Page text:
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The possible hypotenuses of the Pythagorean triangles form the infinite sequence

$5,\,10,\,13,\,15,\,17,\,20,\,25,\,26,\,29,\,30,\,34,\,35,\,37,\,39,\,40,\,41,% \,45,\,\ldots$ |

the mark of which is A009003 in the corpus of the integer sequences of OEIS. This sequence has the subsequence A002144

$5,\,13,\,17,\,29,\,37,\,41,\,53,\,61,\,73,\,89,\,97,\,101,\,109,\,113,\,137,\,\ldots$ |

of the odd Pythagorean primes.

Generally, the hypotenuse $c$ of a Pythagorean triangle (Pythagorean triple) may be characterised by being the contraharmonic mean

$c\;=\;\frac{u^{2}\!+\!v^{2}}{u\!+\!v}$ |

of some two different integers $u$ and $v$ (as has been shown in the parent entry), but also by the

Theorem. A positive integer $c$ is the length of the
hypotenuse of a Pythagorean triangle if and only if at least
one of the prime factors of $c$ is of the form $4n\!+\!1$.

Lemma 1. All prime factors of the hypotenuse $c$ in a primitive Pythagorean triple are of the form $4n\!+\!1$.

This can be proved here by making the antithesis that there exists a prime $4n\!-\!1$ dividing $c$. Then also

$4n\!-\!1\mid c^{2}\;=\;a^{2}\!+\!b^{2}\;=\;(a\!+\!ib)(a\!-\!ib)$ |

where $a$ and $b$ are the catheti in the triple. But $4n\!-\!1$
is prime also in the ring $\mathbb{Z}[i]$ of the Gaussian
integers, whence it must divide at least one of the factors
$a\!+\!ib$ and $a\!-\!ib$. Apparently, that would imply that
$4n\!-\!1$ divides both $a$ and $b$. This means that the
triple $(a,b,c)$ were not primitive, whence
the antithesis is wrong and the lemma true. $\Box$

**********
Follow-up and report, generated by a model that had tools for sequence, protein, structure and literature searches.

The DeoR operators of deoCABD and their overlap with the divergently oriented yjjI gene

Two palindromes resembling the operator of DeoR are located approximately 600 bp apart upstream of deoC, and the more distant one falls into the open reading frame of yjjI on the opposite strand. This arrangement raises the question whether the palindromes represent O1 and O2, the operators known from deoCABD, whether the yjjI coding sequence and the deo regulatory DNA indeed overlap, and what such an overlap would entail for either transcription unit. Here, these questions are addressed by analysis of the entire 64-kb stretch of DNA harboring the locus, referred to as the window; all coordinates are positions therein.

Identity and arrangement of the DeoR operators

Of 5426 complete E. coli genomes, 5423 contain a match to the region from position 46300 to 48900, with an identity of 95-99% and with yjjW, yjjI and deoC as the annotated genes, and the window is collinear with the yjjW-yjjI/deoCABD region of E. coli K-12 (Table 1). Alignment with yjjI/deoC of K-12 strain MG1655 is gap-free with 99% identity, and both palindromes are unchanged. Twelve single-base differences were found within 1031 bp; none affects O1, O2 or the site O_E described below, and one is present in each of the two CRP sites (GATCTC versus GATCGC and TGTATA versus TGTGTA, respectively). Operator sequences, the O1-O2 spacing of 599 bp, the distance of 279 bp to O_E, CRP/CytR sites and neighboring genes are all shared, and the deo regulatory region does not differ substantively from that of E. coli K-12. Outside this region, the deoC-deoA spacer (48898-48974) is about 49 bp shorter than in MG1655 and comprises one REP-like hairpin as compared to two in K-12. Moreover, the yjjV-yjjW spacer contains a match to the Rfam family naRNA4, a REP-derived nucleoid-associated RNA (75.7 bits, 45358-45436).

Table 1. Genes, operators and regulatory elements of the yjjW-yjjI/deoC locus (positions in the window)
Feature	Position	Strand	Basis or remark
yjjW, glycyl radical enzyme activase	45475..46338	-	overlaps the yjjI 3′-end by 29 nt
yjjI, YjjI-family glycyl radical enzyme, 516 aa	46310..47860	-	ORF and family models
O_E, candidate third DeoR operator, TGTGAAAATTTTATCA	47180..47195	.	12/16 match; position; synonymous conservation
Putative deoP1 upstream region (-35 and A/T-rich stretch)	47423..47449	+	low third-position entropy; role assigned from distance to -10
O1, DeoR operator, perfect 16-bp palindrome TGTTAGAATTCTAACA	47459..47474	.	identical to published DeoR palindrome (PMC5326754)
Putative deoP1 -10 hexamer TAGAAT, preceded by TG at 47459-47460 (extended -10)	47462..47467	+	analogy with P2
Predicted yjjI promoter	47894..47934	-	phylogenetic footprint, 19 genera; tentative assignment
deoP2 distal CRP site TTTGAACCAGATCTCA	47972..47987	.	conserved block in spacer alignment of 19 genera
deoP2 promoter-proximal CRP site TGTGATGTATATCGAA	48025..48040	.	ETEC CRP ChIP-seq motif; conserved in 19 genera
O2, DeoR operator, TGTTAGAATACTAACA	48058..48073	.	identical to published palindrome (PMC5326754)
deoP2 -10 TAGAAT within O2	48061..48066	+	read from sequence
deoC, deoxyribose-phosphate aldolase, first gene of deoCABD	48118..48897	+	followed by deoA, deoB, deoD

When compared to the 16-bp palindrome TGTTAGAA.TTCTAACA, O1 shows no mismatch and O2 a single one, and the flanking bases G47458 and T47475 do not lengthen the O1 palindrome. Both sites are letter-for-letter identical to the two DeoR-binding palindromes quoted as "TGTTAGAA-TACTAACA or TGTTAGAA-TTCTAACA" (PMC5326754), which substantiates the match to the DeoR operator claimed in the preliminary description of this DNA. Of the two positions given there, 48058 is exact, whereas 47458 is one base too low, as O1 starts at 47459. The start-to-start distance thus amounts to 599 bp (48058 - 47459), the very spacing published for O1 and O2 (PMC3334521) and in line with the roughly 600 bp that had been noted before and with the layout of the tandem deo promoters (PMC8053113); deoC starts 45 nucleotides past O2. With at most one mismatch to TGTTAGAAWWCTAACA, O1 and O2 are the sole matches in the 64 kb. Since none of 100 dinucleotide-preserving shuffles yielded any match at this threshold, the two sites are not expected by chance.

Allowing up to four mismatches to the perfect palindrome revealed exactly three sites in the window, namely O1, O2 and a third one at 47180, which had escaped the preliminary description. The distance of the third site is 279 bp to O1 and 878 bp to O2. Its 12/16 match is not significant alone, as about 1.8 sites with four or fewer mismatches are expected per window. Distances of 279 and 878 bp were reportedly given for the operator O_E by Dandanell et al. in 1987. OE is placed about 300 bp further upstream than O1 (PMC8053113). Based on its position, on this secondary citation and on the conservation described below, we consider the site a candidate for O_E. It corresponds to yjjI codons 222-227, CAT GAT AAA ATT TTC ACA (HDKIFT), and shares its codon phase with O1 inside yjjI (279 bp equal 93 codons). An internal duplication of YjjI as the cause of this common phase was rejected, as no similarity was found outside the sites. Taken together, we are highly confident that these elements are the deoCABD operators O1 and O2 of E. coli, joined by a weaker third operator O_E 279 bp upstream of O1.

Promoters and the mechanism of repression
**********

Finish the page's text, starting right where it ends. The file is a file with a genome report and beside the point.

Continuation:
Also the converse is true in the following form:

Lemma 2. If all prime factors of a positive integer $c$ are of the form $4n\!+\!1$, then $c$ is the hypotenuse in a Pythagorean triple. (Especially, any prime $4n\!+\!1$ is found as the hypotenuse in a primitive Pythagorean triple.)

Proof. For proving this, one can start from Fermat’s
theorem, by which the prime numbers of such form are sums of
two squares (see the
Theorem on sums of two squares by Fermat).
Since the sums of two squares form a set closed under
multiplication^{}, now also the product^{} $c$ is a sum of two
squares, and similarly is $c^{2}$, i.e. $c$ is the hypotenuse
in a Pythagorean triple. $\Box$

Proof of the Theorem. Suppose that $c$ is the hypotenuse of a Pythagorean triple $(a,b,c)$; dividing the triple members by their greatest common factor we get a primitive triple $(a^{{\prime}}\!,b^{{\prime}}\!,c^{{\prime}})$ where $c^{{\prime}}\mid\;c$. By Lemma 1, the prime factors of $c^{{\prime}}$, being also prime factors of $c$, are of the form $4n\!+\!1$.

On the contrary, let’s suppose that a prime factor $p$ of
$c=pd$ is of the form $4n\!+\!1$. Then Lemma 2 guarantees
a Pythagorean triple $(r,s,p)$, whence also $(rd,sd,c)$ is
Pythagorean and $c$ thus a hypotenuse. $\Box$

## Mathematics Subject Classification

11D09*no label found*51M05

*no label found*11E25

*no label found*

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